Many employers offer basic life insurance to their employees as part of their benefits package. This type of life insurance policy is often for a pre-determined, set amount; it may be for $10,000 or a year's salary, for instance. It is usually offered at a very low cost or even free. Many companies also offer the option to purchase a supplemental life insurance policy as a way to expand your coverage, if needed.
Before deciding whether or not to get a life insurance policy through your work, think about the pros and cons. Also, think about what type of coverage would meet your needs.
- Life insurance offered by your job may be very cheap or even free. But it often provides a low level of coverage.
- You should have enough life insurance to cover all of your obligations. These could include medical bills, debt, mortgages and loans, estate taxes, and more.
- If you decide not to get life insurance through your employer, be sure to shop around to get the best rate you can.
The Pros and Cons of Buying Life Insurance Through Your Job
A major benefit of getting life insurance through your job is how easy it is. For instance, you may know you need to get life insurance; maybe you simply haven't gotten around to it yet. Work-sponsored plans are a great solution to this. And if cost is a concern, you may want to go with your employer's standard plan. It is often very cheap, if not free.
Getting life insurance through work may seem like the best option. But it's not without its drawbacks. If you were to lose your job, you would lose your coverage. You could also have a gap in coverage if you were to quit your job and find a new job.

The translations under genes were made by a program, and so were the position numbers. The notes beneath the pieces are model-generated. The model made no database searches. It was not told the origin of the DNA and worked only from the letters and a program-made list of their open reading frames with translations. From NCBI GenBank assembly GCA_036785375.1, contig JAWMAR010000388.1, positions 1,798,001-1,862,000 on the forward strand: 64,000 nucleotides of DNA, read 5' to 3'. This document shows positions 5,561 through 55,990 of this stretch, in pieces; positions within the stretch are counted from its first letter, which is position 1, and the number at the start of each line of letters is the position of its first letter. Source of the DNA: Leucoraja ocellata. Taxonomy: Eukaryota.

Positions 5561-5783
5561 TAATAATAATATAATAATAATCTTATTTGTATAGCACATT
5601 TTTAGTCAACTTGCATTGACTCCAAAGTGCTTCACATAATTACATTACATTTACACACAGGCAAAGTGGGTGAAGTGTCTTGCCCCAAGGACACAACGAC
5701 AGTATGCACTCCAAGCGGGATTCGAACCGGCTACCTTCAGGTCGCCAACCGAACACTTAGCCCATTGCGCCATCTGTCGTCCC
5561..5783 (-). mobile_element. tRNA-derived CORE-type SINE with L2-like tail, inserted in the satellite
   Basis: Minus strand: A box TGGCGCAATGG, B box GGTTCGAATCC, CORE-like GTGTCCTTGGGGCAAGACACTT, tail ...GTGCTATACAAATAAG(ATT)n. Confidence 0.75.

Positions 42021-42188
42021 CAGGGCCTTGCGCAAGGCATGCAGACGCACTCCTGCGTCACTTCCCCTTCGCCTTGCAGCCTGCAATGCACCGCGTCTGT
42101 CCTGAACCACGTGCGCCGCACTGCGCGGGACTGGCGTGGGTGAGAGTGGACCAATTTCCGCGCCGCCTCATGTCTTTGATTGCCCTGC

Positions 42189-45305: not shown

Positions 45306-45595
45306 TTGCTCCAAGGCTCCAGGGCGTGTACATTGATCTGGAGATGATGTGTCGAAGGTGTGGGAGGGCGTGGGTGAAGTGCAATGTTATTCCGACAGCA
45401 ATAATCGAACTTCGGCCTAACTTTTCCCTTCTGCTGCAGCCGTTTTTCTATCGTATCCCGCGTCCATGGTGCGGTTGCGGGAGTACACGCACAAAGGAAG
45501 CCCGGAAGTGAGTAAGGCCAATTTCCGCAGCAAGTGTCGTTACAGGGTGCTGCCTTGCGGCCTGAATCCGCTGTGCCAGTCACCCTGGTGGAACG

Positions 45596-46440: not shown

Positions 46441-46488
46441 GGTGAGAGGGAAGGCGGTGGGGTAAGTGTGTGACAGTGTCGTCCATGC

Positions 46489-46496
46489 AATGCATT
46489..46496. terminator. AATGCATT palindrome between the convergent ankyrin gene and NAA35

Another thing to keep in mind is whether your company's plan is large enough to cover your needs. This is even more true if you have a spouse and other dependents. If not, you may have to buy a supplemental policy. And if you buy supplemental life insurance through your job, it's likely to be more costly than if you buy it directly from a life insurance company.
How Do You Determine the Coverage You Need?
Put simply, you should buy enough life insurance to cover all of your obligations. Those may include funeral costs, medical bills, debt, mortgages and loans, estate taxes and expenses, and future living expenses for any dependents. In some cases, life insurance through your workplace will not be enough for you. It should be thought of as a supplement to another, larger policy.
The VA offers an online Insurance Needs Calculator to help you figure out the coverage you may need.
Also, keep this in mind: As your salary and living expenses increase, your life insurance coverage should also increase. But once you have paid off your home and put your children through college, you may decide to reduce your policy amount.
On the other hand, what if you are young, unmarried, or have no dependents? You may not choose to carry life insurance at all until you start a family. If you do this, make sure you have enough set aside to cover your funeral costs and any debt you have. That way, you can ensure it's not an added burden to your loved ones.
What Are the Types of Life Insurance Policies?
If you decide not to get life insurance through your work, be sure to shop around to get the best rate you can. This is true even if you're searching for a supplemental policy on top of what your workplace already offers.
Keep in mind that life insurance providers will do a risk assessment when they insure you. You may be declined if you have a serious health condition. Or, you may be accepted but have to pay a higher premium.
Term life offers the lowest rates and provides coverage for a certain time period. It's often 10, 20, or 30 years. Term life insurance policies have no cash value. That means your beneficiaries only receive a payout if you die during that term. Once the term is up, you will have the option to renew your policy. However, this often comes at a higher rate. You can also convert your term life insurance policy into a whole policy.
Whole life insurance policies provide protection during your entire lifetime. They also accrue tax-free dividends, also known as the policy's cash value. You can also borrow against the amount of the policy. The premium also stays the same, though it's more expensive than a term life policy.